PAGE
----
As regards pricing, for partly paid shares it must be determined up front. The usual pricing guidelines for equity shares would apply. For warrants, there is some additional flexibility. The notification states that the “price at the time of conversion should not in any case be lower than the fair value worked out, at the time of issuance of such warrants, in accordance with extant FEMA Regulations and pricing guidelines stipulated by RBI from time to time”.
Other requirements under the foreign investment policy such as sectoral caps must be complied with on the assumption that the partly paid shares or warrants are converted into fully paid shares.
These reforms are beneficial to the investors as well as Indian companies who wish to raise foreign capital on attractive terms. While it confers investors with some flexibility to make deferred payments, the stringent terms and conditions such as the maximum conversion period and pricing would ensure that the mechanism is not subject to abuse. Hence, the approach appears quite balanced.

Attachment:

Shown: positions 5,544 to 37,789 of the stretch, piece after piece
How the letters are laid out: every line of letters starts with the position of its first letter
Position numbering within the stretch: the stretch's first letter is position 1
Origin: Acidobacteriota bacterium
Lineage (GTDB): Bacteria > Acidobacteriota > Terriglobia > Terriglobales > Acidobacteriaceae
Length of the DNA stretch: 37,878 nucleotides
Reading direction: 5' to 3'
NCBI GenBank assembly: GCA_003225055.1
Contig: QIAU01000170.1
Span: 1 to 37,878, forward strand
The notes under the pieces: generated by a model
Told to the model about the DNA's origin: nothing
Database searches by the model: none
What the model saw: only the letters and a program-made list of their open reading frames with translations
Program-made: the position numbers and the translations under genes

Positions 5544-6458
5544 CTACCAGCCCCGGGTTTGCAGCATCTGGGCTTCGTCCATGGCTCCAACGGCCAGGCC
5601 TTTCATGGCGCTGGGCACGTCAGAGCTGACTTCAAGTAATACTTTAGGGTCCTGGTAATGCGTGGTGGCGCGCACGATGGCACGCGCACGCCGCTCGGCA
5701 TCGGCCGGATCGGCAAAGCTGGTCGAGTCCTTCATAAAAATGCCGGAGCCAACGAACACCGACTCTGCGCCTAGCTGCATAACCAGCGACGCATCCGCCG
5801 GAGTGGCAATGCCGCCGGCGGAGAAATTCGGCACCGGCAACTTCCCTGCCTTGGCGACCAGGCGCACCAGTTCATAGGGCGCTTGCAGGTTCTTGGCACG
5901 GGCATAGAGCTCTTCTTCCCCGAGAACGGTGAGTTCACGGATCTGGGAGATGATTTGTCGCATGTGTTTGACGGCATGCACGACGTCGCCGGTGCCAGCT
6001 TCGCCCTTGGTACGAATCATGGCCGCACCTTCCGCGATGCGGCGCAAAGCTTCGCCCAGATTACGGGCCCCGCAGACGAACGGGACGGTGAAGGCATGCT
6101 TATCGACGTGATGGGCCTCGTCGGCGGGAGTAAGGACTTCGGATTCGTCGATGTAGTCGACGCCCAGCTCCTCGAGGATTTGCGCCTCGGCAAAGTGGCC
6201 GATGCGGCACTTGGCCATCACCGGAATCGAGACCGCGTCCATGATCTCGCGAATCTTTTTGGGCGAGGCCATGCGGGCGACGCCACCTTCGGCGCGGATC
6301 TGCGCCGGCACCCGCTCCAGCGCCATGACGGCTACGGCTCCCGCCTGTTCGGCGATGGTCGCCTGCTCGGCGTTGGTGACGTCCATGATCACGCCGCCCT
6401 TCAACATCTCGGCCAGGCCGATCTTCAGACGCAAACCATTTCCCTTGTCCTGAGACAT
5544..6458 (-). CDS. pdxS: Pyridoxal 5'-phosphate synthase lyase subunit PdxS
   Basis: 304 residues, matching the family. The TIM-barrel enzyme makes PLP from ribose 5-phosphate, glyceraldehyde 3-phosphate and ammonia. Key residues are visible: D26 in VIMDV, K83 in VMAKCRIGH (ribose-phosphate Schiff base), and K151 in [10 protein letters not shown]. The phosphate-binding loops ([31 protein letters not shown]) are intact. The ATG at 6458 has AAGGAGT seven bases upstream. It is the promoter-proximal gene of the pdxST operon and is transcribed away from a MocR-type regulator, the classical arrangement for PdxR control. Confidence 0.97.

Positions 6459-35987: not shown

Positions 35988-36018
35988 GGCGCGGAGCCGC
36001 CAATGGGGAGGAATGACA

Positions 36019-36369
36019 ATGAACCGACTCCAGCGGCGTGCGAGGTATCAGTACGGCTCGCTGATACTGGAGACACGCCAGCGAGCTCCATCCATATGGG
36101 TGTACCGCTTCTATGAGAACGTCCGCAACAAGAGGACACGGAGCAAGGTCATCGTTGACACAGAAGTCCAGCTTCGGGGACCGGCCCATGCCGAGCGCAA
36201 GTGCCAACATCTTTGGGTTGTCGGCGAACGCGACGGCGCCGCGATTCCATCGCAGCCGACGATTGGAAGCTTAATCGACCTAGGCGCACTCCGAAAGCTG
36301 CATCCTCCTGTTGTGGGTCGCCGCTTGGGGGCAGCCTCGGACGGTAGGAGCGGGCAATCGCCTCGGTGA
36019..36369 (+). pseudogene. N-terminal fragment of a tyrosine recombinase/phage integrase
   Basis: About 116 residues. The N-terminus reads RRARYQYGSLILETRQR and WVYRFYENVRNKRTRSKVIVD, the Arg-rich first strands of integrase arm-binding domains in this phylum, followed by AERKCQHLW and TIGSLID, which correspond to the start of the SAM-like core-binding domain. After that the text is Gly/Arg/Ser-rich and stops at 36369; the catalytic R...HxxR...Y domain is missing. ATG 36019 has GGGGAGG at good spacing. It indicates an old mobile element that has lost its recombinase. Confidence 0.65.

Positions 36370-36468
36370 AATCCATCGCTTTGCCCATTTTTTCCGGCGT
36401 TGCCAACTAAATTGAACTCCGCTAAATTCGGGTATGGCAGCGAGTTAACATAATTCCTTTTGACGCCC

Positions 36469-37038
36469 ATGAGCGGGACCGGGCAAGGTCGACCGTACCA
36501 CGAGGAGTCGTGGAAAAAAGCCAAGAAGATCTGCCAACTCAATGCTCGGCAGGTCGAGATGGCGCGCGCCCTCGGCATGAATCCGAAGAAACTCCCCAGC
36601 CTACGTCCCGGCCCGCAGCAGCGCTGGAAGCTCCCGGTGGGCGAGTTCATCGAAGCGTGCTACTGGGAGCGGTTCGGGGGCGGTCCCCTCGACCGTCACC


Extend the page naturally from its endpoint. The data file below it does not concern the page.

For several years now, the RBI, as India’s foreign exchange regulator, has been controlling the price at which foreign investors may enter and exit India. RBI’s primary concern relates to the flow of foreign exchange that accompanies such entry and exit. Consistent with this rationale, it has been imposing minimum price (floor) at which foreign investors may invest in Indian companies and a maximum price (cap) at which they may exit from their investments. This philosophy continues to operate. However, what has been the subject of change in the method to determine the floor and the cap. Until 2010, the primary determinant was a formula set out by the erstwhile Controller of Capital Issues (CCI), which formula had outlived its utility. This was then replaced by the discounted cash flow (DCF) method. There has been a lot of debate about the relevance of each of these methods and how they fare against each other.